Rudetskyi (left) and Emami (right) at the office of the Mostazafan Foundation in Tehran. Source: Rudetsky’s VK account
Rudetskyi (right) and an unidentified man look at a map of Iran’s transport network at the Mostazafan Foundation. Source: Rudetsky’s VK account

Several clues in this series of photos posted by Rudecki, namely a pot of sugar and a view of a mosque, allowed Bellingcat to geolocate the meeting at the Mostazafan Foundation offices in Tehran (35.740714, 51.420887).

The sugar bowls on the table contain the Mostazafan Foundation logo enlarged by Bellingcat. Source of the green logo: irmf.ir. Photo source: Rudetsky’s VK account
Ihor Rudetsky photographs the Mosalla Great Mosque (35.734548, 51.425147) across the street from the office of the Mostazafan Foundation. Source: Rudetsky’s VK account

The aforementioned Purson.ir reported that Emami was a member of the board of directors of the Mostazafan Foundation, using its full name: The Fund of Oppressed and Veterans of the Islamic Revolution. In 2020, the US Treasury Department sanctioned the foundation, describing it as a “front charity” serving the interests of Iran’s leaders.

“The Mostazafan Foundation operates as a financial conglomerate controlled by the IRGC,” said Afshon Ostovar, a professor at the US Naval Postgraduate School in California and an expert on Iran’s Revolutionary Guard Corps (IRGC). “[He] is involved in numerous schemes and businesses, invests in domestic and foreign enterprises and plays an unknown role in importing various products and services from abroad. Meetings of directors from the Ministry of Finance with foreign colleagues, especially Russian ones, is not at all surprising. The IRGC already does a lot of business with Russia, and it is conceivable that both sides are deeply interested in expanding this relationship,” Professor Ostovar wrote in an email to Bellingcat.

We do not know what was discussed at these meetings and whether it had anything to do with grain exports.

When asked about this meeting in a Bellingcat message on VK, Rudetsky told us that the meeting was held as part of a delegation led by the Russian Union of Industrialists and Entrepreneurs, which included about 40 people from “shareholders and managers of the Caspian, Black Sea and Baltic ports.” . “. He continued that the delegation visited numerous organizations and showed the Iranian side ports and management facilities. According to Rudetskyi, the meeting “had neither an intergovernmental nor a state character.”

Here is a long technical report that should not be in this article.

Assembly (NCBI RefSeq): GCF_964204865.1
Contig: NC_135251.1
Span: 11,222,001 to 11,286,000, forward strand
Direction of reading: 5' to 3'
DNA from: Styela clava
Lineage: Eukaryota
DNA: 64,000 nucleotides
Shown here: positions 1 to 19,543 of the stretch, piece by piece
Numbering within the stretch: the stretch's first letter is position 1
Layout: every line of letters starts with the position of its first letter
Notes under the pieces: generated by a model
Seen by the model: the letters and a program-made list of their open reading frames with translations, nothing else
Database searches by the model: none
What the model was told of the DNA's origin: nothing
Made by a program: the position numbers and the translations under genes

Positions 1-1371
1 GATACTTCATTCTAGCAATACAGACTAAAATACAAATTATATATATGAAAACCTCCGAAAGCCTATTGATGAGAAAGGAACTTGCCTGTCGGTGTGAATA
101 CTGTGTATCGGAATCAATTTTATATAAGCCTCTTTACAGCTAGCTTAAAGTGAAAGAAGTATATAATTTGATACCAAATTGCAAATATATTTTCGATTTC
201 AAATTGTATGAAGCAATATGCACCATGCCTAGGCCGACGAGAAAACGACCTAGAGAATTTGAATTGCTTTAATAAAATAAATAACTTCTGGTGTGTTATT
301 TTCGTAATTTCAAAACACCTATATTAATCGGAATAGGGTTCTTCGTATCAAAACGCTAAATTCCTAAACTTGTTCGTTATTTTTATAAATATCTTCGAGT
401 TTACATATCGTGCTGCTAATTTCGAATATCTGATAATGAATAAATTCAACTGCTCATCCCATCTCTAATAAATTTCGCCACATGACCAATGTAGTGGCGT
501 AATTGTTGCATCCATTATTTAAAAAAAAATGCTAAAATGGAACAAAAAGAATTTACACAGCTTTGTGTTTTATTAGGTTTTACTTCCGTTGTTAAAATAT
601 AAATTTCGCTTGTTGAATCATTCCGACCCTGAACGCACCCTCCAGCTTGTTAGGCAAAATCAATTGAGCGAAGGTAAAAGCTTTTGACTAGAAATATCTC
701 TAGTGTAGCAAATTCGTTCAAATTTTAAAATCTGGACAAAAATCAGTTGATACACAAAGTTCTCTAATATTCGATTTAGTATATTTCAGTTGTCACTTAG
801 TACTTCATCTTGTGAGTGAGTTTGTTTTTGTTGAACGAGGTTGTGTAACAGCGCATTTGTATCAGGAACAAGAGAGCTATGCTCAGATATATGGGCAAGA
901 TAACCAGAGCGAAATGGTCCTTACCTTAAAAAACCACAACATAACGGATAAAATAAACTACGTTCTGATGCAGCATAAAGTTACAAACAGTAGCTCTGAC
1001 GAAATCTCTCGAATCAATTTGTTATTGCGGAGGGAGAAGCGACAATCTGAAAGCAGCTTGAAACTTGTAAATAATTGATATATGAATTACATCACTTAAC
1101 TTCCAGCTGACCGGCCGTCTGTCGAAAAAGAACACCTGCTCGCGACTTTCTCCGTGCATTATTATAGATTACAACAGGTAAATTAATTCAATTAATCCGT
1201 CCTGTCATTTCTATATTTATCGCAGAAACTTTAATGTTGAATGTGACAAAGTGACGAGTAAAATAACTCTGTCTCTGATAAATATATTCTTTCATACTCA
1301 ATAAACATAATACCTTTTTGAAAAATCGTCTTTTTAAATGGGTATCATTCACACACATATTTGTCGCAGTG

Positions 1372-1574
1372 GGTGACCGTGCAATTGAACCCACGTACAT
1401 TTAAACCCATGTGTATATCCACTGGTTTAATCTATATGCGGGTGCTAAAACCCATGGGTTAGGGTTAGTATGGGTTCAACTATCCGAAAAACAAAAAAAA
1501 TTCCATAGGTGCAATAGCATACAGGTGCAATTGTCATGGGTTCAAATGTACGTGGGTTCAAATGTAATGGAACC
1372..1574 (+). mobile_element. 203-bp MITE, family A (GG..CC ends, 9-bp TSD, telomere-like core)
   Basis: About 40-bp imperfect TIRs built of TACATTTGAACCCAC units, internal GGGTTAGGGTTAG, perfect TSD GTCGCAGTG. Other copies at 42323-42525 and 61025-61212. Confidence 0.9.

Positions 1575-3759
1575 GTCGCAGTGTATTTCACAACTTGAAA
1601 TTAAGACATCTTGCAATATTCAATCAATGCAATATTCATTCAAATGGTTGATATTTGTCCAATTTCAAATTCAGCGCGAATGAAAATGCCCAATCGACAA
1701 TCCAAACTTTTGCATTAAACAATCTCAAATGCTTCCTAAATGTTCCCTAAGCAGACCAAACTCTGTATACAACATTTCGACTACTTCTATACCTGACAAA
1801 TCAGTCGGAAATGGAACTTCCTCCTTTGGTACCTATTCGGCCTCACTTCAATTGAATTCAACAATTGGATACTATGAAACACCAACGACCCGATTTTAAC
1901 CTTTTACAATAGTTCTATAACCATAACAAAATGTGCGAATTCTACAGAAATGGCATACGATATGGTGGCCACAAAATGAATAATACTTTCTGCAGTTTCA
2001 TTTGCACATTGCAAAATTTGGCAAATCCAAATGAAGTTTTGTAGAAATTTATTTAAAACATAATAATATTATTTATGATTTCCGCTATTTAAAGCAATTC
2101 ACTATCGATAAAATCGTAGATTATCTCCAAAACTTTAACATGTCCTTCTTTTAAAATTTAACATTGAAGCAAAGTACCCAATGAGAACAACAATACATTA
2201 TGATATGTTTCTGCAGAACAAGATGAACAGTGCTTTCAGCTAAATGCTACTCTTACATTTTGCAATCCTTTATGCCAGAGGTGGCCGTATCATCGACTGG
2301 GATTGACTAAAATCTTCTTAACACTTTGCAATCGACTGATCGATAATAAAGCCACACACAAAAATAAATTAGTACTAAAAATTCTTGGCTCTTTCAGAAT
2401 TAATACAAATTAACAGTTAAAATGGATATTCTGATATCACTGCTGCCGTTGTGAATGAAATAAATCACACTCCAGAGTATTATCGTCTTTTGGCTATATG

A growing fleet of ghosts

Cargo ships continue to appear at the Avlita terminal in Sevastopol, usually after the deceptive practice of “darkening” somewhere nearby in the Black Sea.

“What can this tell us? Only that the Russians began to steal grain en masse from the newly occupied territories,” said the Prosecutor of the Autonomous Republic of Crimea Ihor Ponochovny when asked about the appearance of new ships at the Avlita terminal in Sevastopol.

“Before the full-scale invasion, the harvests in Crimea were small… But after the full-scale invasion and occupation of Kherson and Zaporizhzhia regions, the amount of grain that was allegedly produced in Crimea increased to unreal proportions. It is clear that this is not Crimean grain. It physically cannot be in such volumes,” said Ponochevny in an interview with Bellingcat in his office in Kyiv. Ponochevny also stated that the Sevastopol port and the Avlita terminal were on the verge of closure even before February 2022.

When Bellingcat reached out to VK for comment, Ihor Rudetskyi said that Aval has nothing to do with grain trading or any financial transactions related to the transportation of grain abroad. He asked us to direct our questions about the shipments described in this article to the companies or ship owners responsible for purchasing the grain.

“Aval” only loads grain, provides stevedoring services and nothing else, and there were court cases where we proved that we are not responsible for the quality of the grain that was brought to us and that we unloaded,” Rudetskyi continued.

When asked if he knows the origin of the grain loaded at the Avlita terminal, Rudetskyi answered:

“No. Any trader who is interested in this or that quality of grain mixes different lots. Therefore, the laboratory cannot determine its origin. It is profitable to transport grain by car at a distance of 1200-1400 kilometers. Draw a circle, and you will understand that these are Astrakhan, Samara, Lipetsk. Along the Crimean Bridge by railway to Altai and Orenburg. All these are grain regions with a surplus of about 30 million tons of grain for export. It is difficult to comment.”

Bellingcat also reached out to Salmi Shipmanagement, director of Pallada Ltd., GTLK, Mostazafan Foundation, Iran Ports Authority and Aval’s Moscow office, but did not receive a response at the time of publication.

The information is taken from Bellingcat’s open sources